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   Winona Republican-Herald, The (Newspaper) - March 19, 1948, Winona, Minnesota                                W E ATHER tolclpr. FM IS COMING Be mire your new radio ciui rcceln 1L Full Leased Wire Newi Report of The Associated Press Member of the Audit Bureau of VOLUME 48. NO. 27 W1NONA. MINNESOTA. FRIDAY EVENING. MARCH 19. 1946 FIVE CENTS PER COPY EIGHTEEN PAGES THE ALSOPS on Russia Up To G.OP. Tlf .toiMiph unit Slpwurt ANon uprrch In tllf Cc.MKri-wt fnir> think' pluln, linn-Ing ftomo mlr- uruloujt mifl wholly unexpected rusliiK of tho IntrrimUotml tendon, thr itrfiil rivcr-rldliiK Imuo which will ctmfroiit thn country In tho nrxt few months will concern tho American rr.iponsp In Hovlct t'X- pun.-ilon iihroivd. This IwHln will thus nlwi confront (ho Kopubllcun nntlrmnl convention In Jtlltc, imtl It tn nrfnct the outcome closely Mciffovrr, It Is IncrnnslfiKly prob- fchlr thnl the convention will hn jwtkrcl to make u clrur-cut choice bctwrrn two distinct Republican whncils of thought on foreign policy. Thr IrndT our school of thought Is Urniitnr Rohrrt A, Tuft, thn leader of the other, fli'iuilor Arthur Vund- rnbTK Tho evenly foitlimwl div- ision within the piirty on tttciw Iwn i.pproHt'heji Id forrlKH policy vi AH dciiionstnitfd by tho Konalu vote on I hi' Tn ft amendment to K.It.P.. which would huvo voclucocl thr first, year's upproprlnllon to four hillinn' dollars. The Republican rniulnrs split almost exactly OVOJI on vrilr. The strrnifth of the Vurulorihnric nchfml In lllintnitcd by tho fuel that Tuft himself Is reliably ro- portpd to brllpvo thut Vnndonberg, rut her thun covrrnor Thomuft E, IJewry. is now the to bent, ViindrnbrrK nppurnntly (Jnooroly elors not wntit the nomination ulKl hr hus refused to lift a finger to crt t'. Tie underlined hl.n refusal to "connive." to use. Ms own word, H. few wrelw nun. when u gl'OUP of wriilthy ittul Influential New York nrlmlrrrs approached him Indirectly with iin offer to and support iv Vundonben! cnmpnlcn. The offer wus unconditionally re- jected, Vnt tho Vandcnborg boom continues rPKitrnlrw. und there is lltttf (louht i hat Vnndcnbri'K will ncivpt tho nomination it It Is offered. Moreover, tho odds on vandon- brre'fi being nominated are moa.iur- nbly Increased by thn petition of Jliirold K. Htnssen. fUii.wn, hnx not wild so publicly but according to clone to him ho i.i willing, und even to uccopt ft (second place on Vandrnbont ticket If Jie fulls to win tho grand prlsio, should romp to the convun- with well over it hundred r.i. If, n.t now ftecm.i possible. it becomes c.lpur thut Stusson cun- riot get thn nomination, this con- dUlenible Hm.wn following will form n nolle! base on which tho Vniiclon- bert: cohorts can build. Thrrp Iv or course, no Vandcn- hcru-Stiisseii pi'cconvontton rtoul Jnrtrfcl, tho two men huvo hud no contact whatsoever with each other In recent months. Vet thn logic of the situation makes it Vandon- beri.--Stas.ien ticket wrlotis possibility. an entirely The nomination of mich n ticket would bo enormously significant, for it would menu that tho tradi- tional Hepubllcim forrttm policy, tho cautious Tuft npprom-h. hiicl suffered li total do- fi-iil. Vet the nomination of Tuft, or of iinnthcr Republican who thinks more or lew UKo him. Is not to bo ruled out. Tuft's chances re- ceived u setback some weeks ago, when tho neolithic Joseph Tow ol I'enns.vlvuniit quietly niUod a con- fert-nci' "f felli.w fiiiciiin In Clcwo- linid, Ohio. I'ew and the) other jtidiiHtriiiliMs. mostl.v nlool <.f thn more tinKts-biickrcl type, rrnehed the conclusion that In view of Tuffs prof NhowInK In tho public opinion polls, he could not win tho flection. They therefore UKrocd to (twitch their support to House Ma- jority Lender Joseph Martin, Tlie Cleveland meeting took place however, liefum President Harry Triiniiin i.tarti'd on hln political tlFtxttlKMI Hlllll'. ThO di.Mi.'ilrni of thf last fow Weeks hiive appiirrlitly demon.ttniU'd that tmr n miracle, it will bo mathemat- ically impossible for Truman to win 're-election. This has undoubt- edly helped thy Tuft candidacy It 'has aho been helped by the worded announcement of Oenernl' UoUKliis Miie.Arthur'N a- Vrtlliibihty. about which some Taft mippurtrrs HIT openly Jubilant, For MiicArlhur may well cut into the jjr-wey und Stussen strength In Wisconsin, und Tuft will undoubt- edly bo second choice with most Mii'rArthiir cleloKiites, .Mnrtln real strength, however both umnnu Kepubllcnn fntciitn ol tho I'ew type, und Iti the Influentla und conservative HOUSP Hepubllcaf leadership. Moreover, ho hus evinced n sudden Interest In foreign policy Ills ernphiisls on the military aspects of American foreign policy makes n poFMihln thut whul will oventuiilly rrner.'e from Hi" Keiiuto-1 louse ronf'-f'Tice on the- K.ll.C. lilll will nt- not a VundenberK policy a Mui'lln-ViiiulenlwrK policy Thlt would cut down VutidenberK's rri'iitiitlnii us the undisputed foreign iioiicy lender. If the expected deudlwk between Tuft and IX-wey develops, tho llo- jnibllcHU convcnllon may thu.'1 hrcotnr the scene, of a cruclu niriik'tflr between the two iU'publlcar rcin'ols of thouKhl rm policy Av-Miiiilnc thut the Klwnnowci withdrawal Is permanent, there would be u clrur-cut cholco between Vur.drnbrrK und Stussen on tho one liuiid, and men of the of Mnrtln und MucArthur on the i.ilii-r The Importuneii of nuch a (hore lo the United Mliitrn ant I., ihe world, in difficult lo Scandinavia Joins Anti-Red Bloc Airport Committee Co-Chairmcn Resign In Row With A. of C. Tho Wlnona Association of Commerce airport committee co-chairmen resignedI today-charging that thoy no longer hnvo the backing ol tho association president and some of the directors win6 moy no William A. Galcwski, co-chairmen of the committee, submitted tneir sKtus status, Senate Vote on Tax Cut Bill Expected Today Jly Murvln I. Arrowmnlth Wnxhlnirtnn Senate Re- publicans tied tho throttle down Loclny In a drive to pawt their Income tax-cutting bill oy nightfall, Srrwlor Mllllkln floor iuwKci1 of tho measure, told re- porters ho believes tho chances for t flnul vote lute lotlny were good. Ho bused forecast mainly on n decision by tho Democratic lead- ership to abandon plans for offering tin amendment to hold any tax cut tills year to The House hus already piiwtod ft, measure ciilllriK for n Bonutor nurkloy the min- ority leader, wild ho Intended to vote against any tax reduction. He inld ho believes It would bo "dang- erous" to cut taxes In tho light of President Truman's appeal for Krenter American military power to protect western Europe against tho spread of communism, Override Vclo nurkloy declined to speculate on Republican chances to corral en- ough Democratic votes to override iin expected presidential veto. But ho did say: "I hnvo no doubt that n. vote to sustain n veto will bo larger than tho veto URalnst tho bill passage (by tho A veto by Mr. Trumnn success- fully blocked n tax out bill last year. Senator Ournoy chair- man of tho Somite nrmod services committee. WHS asked by reporters whtithor ho would vote nRftinst a Ux cut because of the Presidents prppiirodnesn proposals. Tho South Dakota lawmaker re- plied: "You aan't very well Justify any objection against ft tax cut nt the moment, because wo don't yet know whut tho extra cost (of tho military program) will be." Tho Olo Somite yesterday defeated two Democratic attempts to add riders to tho bill which would have repealed or revised federal taxes on oleomargarine, By (i vote of 45 to 63 it rejected ...i amendment by Senator Ful- brlght (D-Ark) to remove all olco tuxus. Then by the sumo vote It kltlod an amendment by Senator Mfiybnnk to cut tho present ton-conts-n-pouncl tax on colored margarine to one quarter of ft cent. Earlier this week tho House agri- culture committee blocked efforts to put oleo tax repeal bills before tho House. Jap Phone System Crippled by Walkout strike by communi- cations workers today paralyzed Jupim's telephone system, The walk- mit-lo continue 24 hours-was ciillnd lo support demands lor cost- uf-llvlnK wage boosts. a period of service dating back to 1041 when tho new airport, now neavlnp completion, was only an idea. in their letter or resignation to Uio has a said they would "be glad to serve in any way as private citizens" hence- forth. Kxplaln Action In a statement explaining their action, tho two committee members said: 'At the city council meeting Mon- day night the committee arranged to accompany members of the city council to St. Paul next week to ap- pear before tho state legislative ad- visory committee relative ..to the city's request for an additional state grant of toward tho airport, drivo t< "At that meeting bids for tho sur- nations, facing of tho airport and other smaller Improvements were opened. State and federal officials present at tho meeting indicated thut the bids were fair und reasonable, perhaps with several minor corrections. 'Two days later, L. C. La Prance, the president of tho association, call- ed on ono of tho chairmen of tho commlltuo and a.ikod him what au- thority ho had to appear before the legislative advisory committee. The president said that ho had sent out a letter Instructing all association committees not to take any action without prior approval of the board of directors. "The president also Indicated that the board of directors does not favor asking the state for more money and action c that It also feels that the expondl- program ture of money reflected In Monday night's bids Is too much. "Tho chairman of the airport committee replied that he was a member of the board of directors of tho association, that ho had attend- ed every meeting and that he knew, therefore, that tho association board had not taken any action on the re- quest for additional money or on the surfacing bids. Agree on Stand "Tho nlrnort committee chairman told tho president of tho aiwoclation that If ho and certain other direc- tors do not approve tho airport com- mittee's action, then he would resign. "Tho co-chairman of the airport committee agrees with this stand and we are resigning effective Im- mediately. "Tho airport committee has been trying its best to help get an airport for Wlnona which would suit the needs of local air traffic and tilrllnc triifllc. "Several years ago the citizens of Wlnona contributed more than for construction of the air- port and more recently they contri- buted over for the construc- tion of tho administration building. "The airport committee feels that these contributions prove that the citizens of Wlnona want an airport. There are very few communities In tho United States where the citizens have demanded an airport with such n concrete action. "Because of this concrete action and prior support of tho, association board of directors we have proceed- ed to do everything possible to get a real airport for Wlnona. It appears now that we and the airport are be- ing sabotaged from within our own organization. "Since we have no desire to enter (Continued on Fulfil 15, Cnlumn 2) COMMITTEE Marshall Accuses Russ of Using 'Nazi Methods' Berkeley, Calif. Secretary of State George Marshall today accused Russia of using high-hand- ed Nazi methods In the communist drivo to engulf frco European latlons. Before a University of California audience, Marshall stated the Soviet threat to America In these words: "Never before in history has the world situation been more threaten- ing to our ideals and interests than at the present time. HlfCh-HnndedncNN "A depressing aspect of the sit- uation is the duplication in Europe of the high-handed and calculated procedure of the Nazi regime." It was Marshall's first public speech since President Truman ap- pealed Wednesday for Congress to enact universal military training and a temporary draft, and to speed action on tho European recovery Clark Orders Mme. Curie Freed Following Ellis Island Detention Costa Rican Election Riot Spreading 4 Other Central American Countries Reported Involved By Rcfflnalcl Wood Snn Jo.sc, Costa eral Rcnu Plcado Mlchalskl, secur- ity (war) minister, says 'Costa Rica's political revolt is building into a Central American wnr. Plcado answered "yes" when news- men aslced him last night If tlie week-old rebellion by under Jose Figueres Is going to Involve all of Central America. Four other countries already are said to be Involved in Costa Rica's political quarrel. Guatemala has been accused by Costa Rica ot .sending nrms across the border to Insurgent forces. crs .seemed near agreement today on (Guatemala's foreign ministry 3n-.a plan to delay draft- Gen- eral Tom Clark today authorized the release of Mme. Ireno Jollot-Curie, the French scientist, who had been detained by Immigration officials at Ellis Island. Mme. Jollot-Curlo was taken Into custody und removed to the island shortly after her arrival late yes- terday in New York from Paris. Waiting at LaGuardia airport to greet her were officers of the joint Anti-Fascist Refugee committee, which has been listed by Clark as' n subversive organization. A committee spokesman said she had come to this country "to ac- quaint the American people with the immediate needs of the Spanish Re- publicans In exile." The order for Mme. Jollot Curie's release followed earlier Indications from the Justice department that sho would bo detained until it could be determined whether her entry would be "prejudicial to the best interests of the United States." In response to a question concern- Ing an apparent reversal In the ex- clusion plan, the Justice department said that Mme Joliot Curie will re- main at, liberty "while her case is being studied." Delayed Draft Under Study by Senate AVashlnjrlon By .lurk Bell Senate lead- structed its San Jose envoy last night to require Costa Rica to prove the charge or withdraw it.) Send Planes Nicaragua has sent planes and officers to aid the government, and government forces have charged that somu Nicaraguans arc helping Figueres. The government has sent Dr. Luis Anderson to Honduras to appeal for arms. Anderson, Costa Rican. dele- gate to the Rio 'conference, also will seek economic ulcl. At lease three pilots from the Dominican Republic have arrived from. Cludad Trujl'.lo to fly two LASCA planes commandeered from a. Pan American subsidiary Wcdncs- the nation's young men for military service. The wait-and-see proposal under study by Senator V a n d e n b c r e and Taft would call J'ov speedy passage of laws to elections, boiled over last when President Tcodoro Plcado Mi- chalskl proclaimed mnrtlal law. Began March 1 The dispute began tn congressional action March 1, when the presi- dential election of Otillo TJlatc Blan- co was annulled. Congress upheld fraud charges brought by his op- ponent, Rafael Calderon Guardla, tho government candidate. Violent partisanship developed and revolt broke out Saturday. mate charges that communists are backing the government and are trying to use current political strife as "a bridgehead for control of Latin America." Pigucrcs, clmm- captured a munlsts. President Plcado's government But Marshall went beyond his day by the government. chief In further detailing what Costa Rica's political caldron ho called today the "general strat- since the egy" of meeting the Russian chal-1 lenge. Tho secretary of state made these main, points: 1. Personally warned Italy and all other free European nations that any country which puts tho communist party in power automatically cuts itself off from American old. 2. The present conflict is a "world wide struggle between freedom and tyranny." Marshall said the Russians should be stopped short In the positions they now should now be perfectly clear that rulo based, on threats find force instead of on reason and Justlco must not bo allowed to spread further1 unchecked." 3. The United States is main- taining an "opcndoor" policy toward any conciliatory moves by Russia and is "sincerely anxious" for a settlement. But until a settlement is possible "it must be our policy to dis- courage and to oppose further encroachment on the rights and lives of free people." 4. The crisis in which the United States now finds Itself is world-wide. It presents grave threats to American interests not only in Europe but also in the Middle East and Far East. 5. The great need now is for prompt enactment of the Eur- opean Recovery program in Con- gress. He said this should so strengthen free nations as to give them a better chance to defend themselves "against transition into police states do- minated by tho central com- mittee of tho communist party in Five Killed in Illinois Twister Bimltcr Hill, III. At Jeast five persons were killed today in a tornado which struck here and at nearby Fostcrburg and Gillcsple. A twister struck at Alton, 111., and New Atlicn.s and Freeburg in St. Claire county reported heavy prop- erty damage. Bunker Hill's population is about M. F, Scyfrlt, Hed Cross home service chairman in Macoupln county, said first aid headquarters were being set up In the school building and that the town was without lights and power. The high winds were reported in scattered lu-cns, including Alton. New Athens in St. Clair county where the storm cut a swath 303 feet wide and two and one-half blocks long through the business district. It struck again at Frecburg, 111. All Ambulances Used All available ambulances In the Alton area were in service. The had been claims several victories, but oppo- sition forces say square miles of Costa Rica are in. rebel hands. Little Inch' Blast Sears 15 Acres Petersburg, explo- sion that ripped the "Little Inch" pipeline last night set oil a fire that seared a 15-acre area and destroyed two houses. No one wns injured. The cause of the blast had not been determined. Natural gas escaping under pres- sure from the broken pipe-line burned for more than two hours with a glare seen at least 30 miles away. Occupants of houses which were destroyed were absent. Two barns also were burned. State police said the closest witness they could find was a quarter of a mile away nt the time of the blast. Six Killed in Centralia Tavern Blast CVntrnlln, III. The known death toll mounted to six today In un nxplwilnn which dontroyiid n two- story brick building In downtown Ctmtraliu last night. Two bodies wore found beneath thu pllu of rubble by llremen early today after an all-night search, Near midnight, about three hours after tho blast, two bodies had been found In the wreckage. One woman died of Injuries as she was being carried Into St. Mary's hospital, Firemen continued to search through tho ruins for other bodies after reports by eye-witnesses that some persons had been trapped when tho structure collapsed. .10 Injured Thirty persons were Injured. Ten were reported In from serious to critical condition. Tho building house a tavern and n small pool hall-tavern on tho first floor and small apartments and sleeping quarters In the nine rooms on tho second floor. Chief of Police O. T, Bounds said that nnn man who escaped without Injury from thn pool hall-tavern told him that about nine men wore play- ing cards In tho roar and some of them might have been trapped. More than 50 firemen, including doveral from nearby southern Illi- nois communities, dug through the rubble In tho search for additional bodies. numiigc Only ono of tho dead had been Identified. Sho was Mrs. Frank Nichols, about BO. who lived In a second floor apartment. She died as sho was being carried into St. Mary's hospital. Her husband was among tho Injured. A second victim wan an uniden- tified man. Tho third body wus burned beyond recognition. Ten of tho injured were reported In from Borlous to critical coudi- of Republican-Herald.) tlon. Among the injured wore two children. The cause of the explosion, which was followed by a fire which raged there were about 30 persons In the saloon when the blast occurred. Bill Watson, 63, a tree surgeon, who escaped from the owensby tav- WH3 lUllUWtiU WJf tfc i j I 1 tl nt.rt ittn c for more than an hour, had not ern without injury, said thcio was boon determined. Bounds estimated j a scries of explosions. damage at Kenneth Owensby. 37, co-owner ol cue of the taverns, estimated 'I thought there were four Watson said. "I was knocked to the floor. Four or five other men who were standing near me also were knocked from their feet. We were covered with wreckage but the bar saved us. The whole building seemed to land on top or Uic bar." Several automobiles pnrkrcl In front of the building were damaged by the flying debris which also wus strewn along nearby railroad tracks injured. Heavy rainfalls and windstorms caused severe damage In many areas of the state. Many highways were covered with water from "Ilnsh floods" of small creeks. A flash Hood of Gimlet cheek caus- ed severe damage during the night at Spai-lnnd, a town of about 500 population in Marshall county. A wall of water about four feet deep swept through the streets and left layers of mud and other debris in the streets and some buildings and homes. A mother and two small children, one suffering from mumps, were isolated in their home for revive selective service in tho face of stcpped-up communist pressure in Europe. Selectees would be chos- en and put on notice. But Congrcsn would not push the button for inductions unless or until: (1) Voluntary cnlist- mcnts continued to lap: or (2) Tho world situation grew so RTIIVO HH to eall for partial or full mobilization of n. clUlcn army. The prime object of such a law would be to spur Immediate enlist- ments of those subject to call, thus rilling vacant ranks in line with President Truman's plea for .strengthened armed forces. This Republican answer to Mr. Truman's request for universal mili- tary training and a limited revival of selective service is known to liavc the enthusiastic backing of Vanden- berg. He is the Senate's presiding officer and heads its foreign rela- tions committee. Tart told a reporter he is inclined to support the plan but has not made up his mind finally. Meanwhile, an informal poll of the House armed services commit- tee showed today that group prob- ably would approve an outright draft revival at once. Fifteen out ot 33 members sold thoy favor such a step and only Jour listed themselves as definitely opposed. However, House Republican lead- ers have made clear that full hear- ings will be held on tho subject be- fore any action is taken. Tho standby plan developed nt ft time when Mr. Truman's proposals and policise were under fresh at- tack from his fired cabinet mem- ber, Henry A. Wallace. In a radio address last night, Wal- lace charged that the Truman doc- trine of supporting communist- threatened countries is being ex- tended "to the point where it threat- ens the life of every human being In the world." It is likely that increased funds for the air arm will be voted by the G.O.P.-controlled Congress, what- ever action it takes on TJ.M.T. and the draft. hours. High Winds The Chicago Weather bureau said it received a report that high winds caused extensive property damage at Union, Mo. The Illinois and Michigan canal overflowed its banks at Lockport, 40 miles southwest of Chicago. Fourteen cars of a Snnta Fc nvll- roiul freight train were derailed ut Willow Springs, a Chicago suburb. At La Crossc, Meteorologist A. D. Sanial said "a little flooding" can be expected in Ills district but that it will not compare with the late February thaw nnd high water. Sanial said the snow melt In La Cros.se had gone down the La Cras.su river sovural days ago with- out appreciable- dnmnge, but thut he understood melting snow draining into the Chlppewa river further north Wiis forcing a rise. He said he anticipated little flooding, how- ever. Nation-wide Daylight Saving Hearing to Begin Washington. Hearings on a bill providing daylight saving time throughout the nation will begin April 13 before a Senate interstate commerce subcommittee. This was announced yesterday by Chairman Reed (R.-KanJ. He told a reporter he introduced the bill at the request of the interstate commerce commission with a view to cleaning up confusion resulting from part of thu country running on daylight time during the sum- mer, the rest on standard time. The doctors threatening a strike. I guess over there M.D. stands for more dough. I never knew the doctors had a union! Can you imagine an MD in surgery Weather FEDERAL FORECASTS Winona and vicinity: Clearing and turning colder tonight. Satur- day fair and colder. Lowest to- night 30: highest Saturday 42. LOCAL WEATHER Official observations for the 24 hours ending at 12 m. today: Maximum, 54; minimum. 40; noon, 45; precipitation, .09 of an inch of rain; sun sets tonight at sun rises tomorrow at EXTENDED FORECASTS Minnesota and Wisconsin: Tem- peratures will average two to Jive Jcgrces above normal. Normal max- mum 30 north, 49 central and 56 south. Normal minimum 3D north, 27 contra] and 33 south. Colder Sri urday. wanner Sunday and Mon- day, colder Wednesday and north portion Tuesday, little change south portion Tuesday. Precipitation will average one-fourth inch to one to one nnd one-half inch occurring .is rain Sunday and nfiain Tuesday night and Wednesday. TEMPERATURES ELSEWHERE Max. Mln. Pep. Bcmidji.......... ChicngO.......... Denver.......... Dulutli International Falls Miami Mpls.-St. Paul Now Orleans..... New York........ Phoenix Washington. 37 61 58 35 33 78 <14 HO 50 G2 59 31 51 27 30 19 74 3H 71 4-1 41 1.73 .03 .05 3 Premiers Condemn Communism 3-Division Brigade Reported Ready to Attack Greece By The Associated Scandinavian leaders Joined Western European lineup against communism today. Premiers of Norway, Sweden and Denmark took their stand while delegates in Fin- land, to the east, got last-minute In- structions for Moscow ncgotialtons toward a Soviet-Finnish treaty. The communists wore accused at the same time ot having a flve- uation committee working on Italy, where an election Is scheduled April 18, and on France. They also were charged with having an Interna- tional brigade ready to attack Greece. The heads of the three Scandina- vian countries told a Stockholm aud- ience last night their countries will light aggression from any quarter. All condemned communism. They spoke alter a day-long conference, as Social Democratic party of their countries. I'rnnlcr ICIncr GrrliardMn of Norway callrd coniinunliiU grave danger to freedom peace." Sweden's Premier Tajre Er- landcr said, "However intenM our will to peace and under- istaiiclliiK, we nut freedom Premier Ilan.i Ilcdloft uld Danes "will defend our Indepen- dence nud freedom against attacks wherever they might come Finn Pact Finland's negotiators with Russia are to leave Helsinki by train Sat- urday to start talks next Monday on. Prime Minister Stalin's proposal for a treaty of friendship and mutual assistance. The Moscow radio President Truman's said today preparedness speech, to Congress Wednesday and the five-power Brussels pact signed that day favor American Imperial- ists ivnd. militarists. Italian Premier Alcide Oaiperl said the nine-nation Communist In- ternational Information bureau (Comlnform) has a special five-na- tion secret committee to "issue di- rectives to synchronize the conduct of communists In Italy and France." He made the statement In an out- door speech In Bologna. It opened his Christian campaign In north. Democratic party's Italy's communist the and Committee Organized DC Gasperi said the met first in Poland last September shortly before the Comlnform was organized there. He said It Includes Colonel General Andrei A. Zhdanov. Russian communist secretary gen- eral; Lulgi Longo, Italian vice-sec- retary general; Romanian Foreign Minister Anna. Paufccr; Jacques Du- clos of France, and Mllovan DJllaj of Yugoslavia. Official dispatches to Washington from Athens, the U. S. State depart- ment said yesterday, estimate thaS three divisions, or men, are in an international brigade near the Greek border In Yugoslavia, Albania and Bulgaria. International Brigade The department said the men are believed to be mostly Albanians and Greeks with over-nil Russian mili- tary direction. It said an attack Is thought most Itki-ly from Albania, Con.stantlnc Hentls. minister ot public order, said today the govern- ment had learned guerrillas planned an attack on Salonika between March 22 and March 30. Salonika Is a major port and mil- itary headquarters at the waist Greek Macedonia. It lies about 180 mill's north of Athens and 40 south of the Yugoslav frontier. Can Keiirl Dwlght Griswold. chief of the American Mission to Aid Greece, said he has received no report of an He said he a half." I think the doctors arc or- of Americans. In Paris, a spokesman ganizing in this country, too. One of them was examining me the other day and he said, "Open your month and say AaliF.L." I wonder if they'd use the same tactics other strikers use. I can Just picture them picketing the front of my Aunt Minnie's house with pla- cards saying. "Do not patronize, she uses goose grouse to cure colds." In this country French security police said today they had arrested 11 Russians In a. private home. He did not give the reason. The interior ministry said yesterday France will deport leaders of the banned Union of Soviet Cltl- ens. Turkey's, military attache In Sofia, Bulgaria, and his assistant returned home last night. Official sources would not say whether they had been recalled or kicked out. Dob llopo If the doctors ever strike, it will be quite serious If you get sick in the middle of the night and call your physician, who will there be to tell you he can't come? Whenever I get sick I always have trouble with the doctors. They take one look at me and say, "Go over to the packing house. That's where they cure But I'm taking no chances. I've got my baUiroom loaded with so many remedies it's like a regular drug store. In fact, when I turn on tho faucet in the wash basin, chocolate inalus como out. and t.o- dny I opened the medicine chest and a cream cheese rmd peanut butter sandwich fell out. for the Bulleti ins European Recovery pro- gram was approved formally to- day by the House foreign committee, and a Senate com- mittee voted mili- tary help for Greece and Tur- key. I St. Peter, Mcol- let county coroner's jury today named Otto Adam, 57-year-old farm hand, the ax slayer of his employer. Sit. Clemens, Mich. total of SI3I.54K.434 has brrn illNlrllmtril among heirs of the lute Ktlsel II. Knrd. according to the fourth annual accounting filed today by his widow.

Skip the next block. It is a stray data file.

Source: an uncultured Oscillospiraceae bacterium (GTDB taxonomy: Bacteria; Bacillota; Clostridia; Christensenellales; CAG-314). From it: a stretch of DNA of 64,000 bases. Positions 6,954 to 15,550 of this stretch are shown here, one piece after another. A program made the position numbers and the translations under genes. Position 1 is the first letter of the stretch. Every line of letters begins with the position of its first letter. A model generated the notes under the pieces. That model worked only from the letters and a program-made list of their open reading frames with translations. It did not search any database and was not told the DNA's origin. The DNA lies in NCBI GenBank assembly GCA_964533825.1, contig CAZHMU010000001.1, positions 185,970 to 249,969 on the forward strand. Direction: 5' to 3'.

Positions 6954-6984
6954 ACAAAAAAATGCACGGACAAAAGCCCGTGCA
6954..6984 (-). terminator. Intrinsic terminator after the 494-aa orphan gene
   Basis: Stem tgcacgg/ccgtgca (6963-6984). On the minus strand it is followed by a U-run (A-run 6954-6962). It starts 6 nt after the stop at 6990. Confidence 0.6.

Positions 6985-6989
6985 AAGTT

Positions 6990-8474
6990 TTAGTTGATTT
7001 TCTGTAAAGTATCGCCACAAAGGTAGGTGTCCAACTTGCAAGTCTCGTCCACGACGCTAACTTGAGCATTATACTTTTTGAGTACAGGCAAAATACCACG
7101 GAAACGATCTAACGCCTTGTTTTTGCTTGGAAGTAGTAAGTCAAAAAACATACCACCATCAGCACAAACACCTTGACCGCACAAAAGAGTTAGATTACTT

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  • Access to Over 145+ million Newspaper Pages
  • Ability to View, Save, and Print
  • Articles featuring over 100 million people
  • Weekly Search Alerts - We search for you!
  • & Many More Features!
Subscribe for a Monthly Membership only for $29.95
Your Membership Includes:
  • Unlimited Page Views
  • Access to Over 145+ million Newspaper Pages
  • Ability to View, Save, and Print
  • Articles featuring over 100 million people
  • Full Access To All Content including 10 Foreign Countries
  • Weekly Search Alerts - We search for you!
  • & Many More Features!
Subscribe for a 6 Month Membership only for $99.95
Best Value! Save -45%
Your Membership Includes:
  • Unlimited Page Views
  • Access to Over 145+ million Newspaper Pages
  • Ability to View, Save, and Print
  • Articles featuring over 100 million people
  • Full Access To All Content including 10 Foreign Countries
  • Weekly Search Alerts - We search for you!
  • & Many More Features!

What our Customers Say:

"It is amazing how easy and exciting it is to access all of this information! I found hundreds of articles about my relatives from Germany! Well worth the subscription!" - Michael S.

"I love this site. It's interesting to read articles about different family members. I've found articles as well as an obituary about an uncle who passed away before I was born, and another about a great aunt. It's great for helping with genealogy." - Patricia T.

"A great research tool. Allows me to view events and gives me incredible insight into the stories of the past." - Charles S.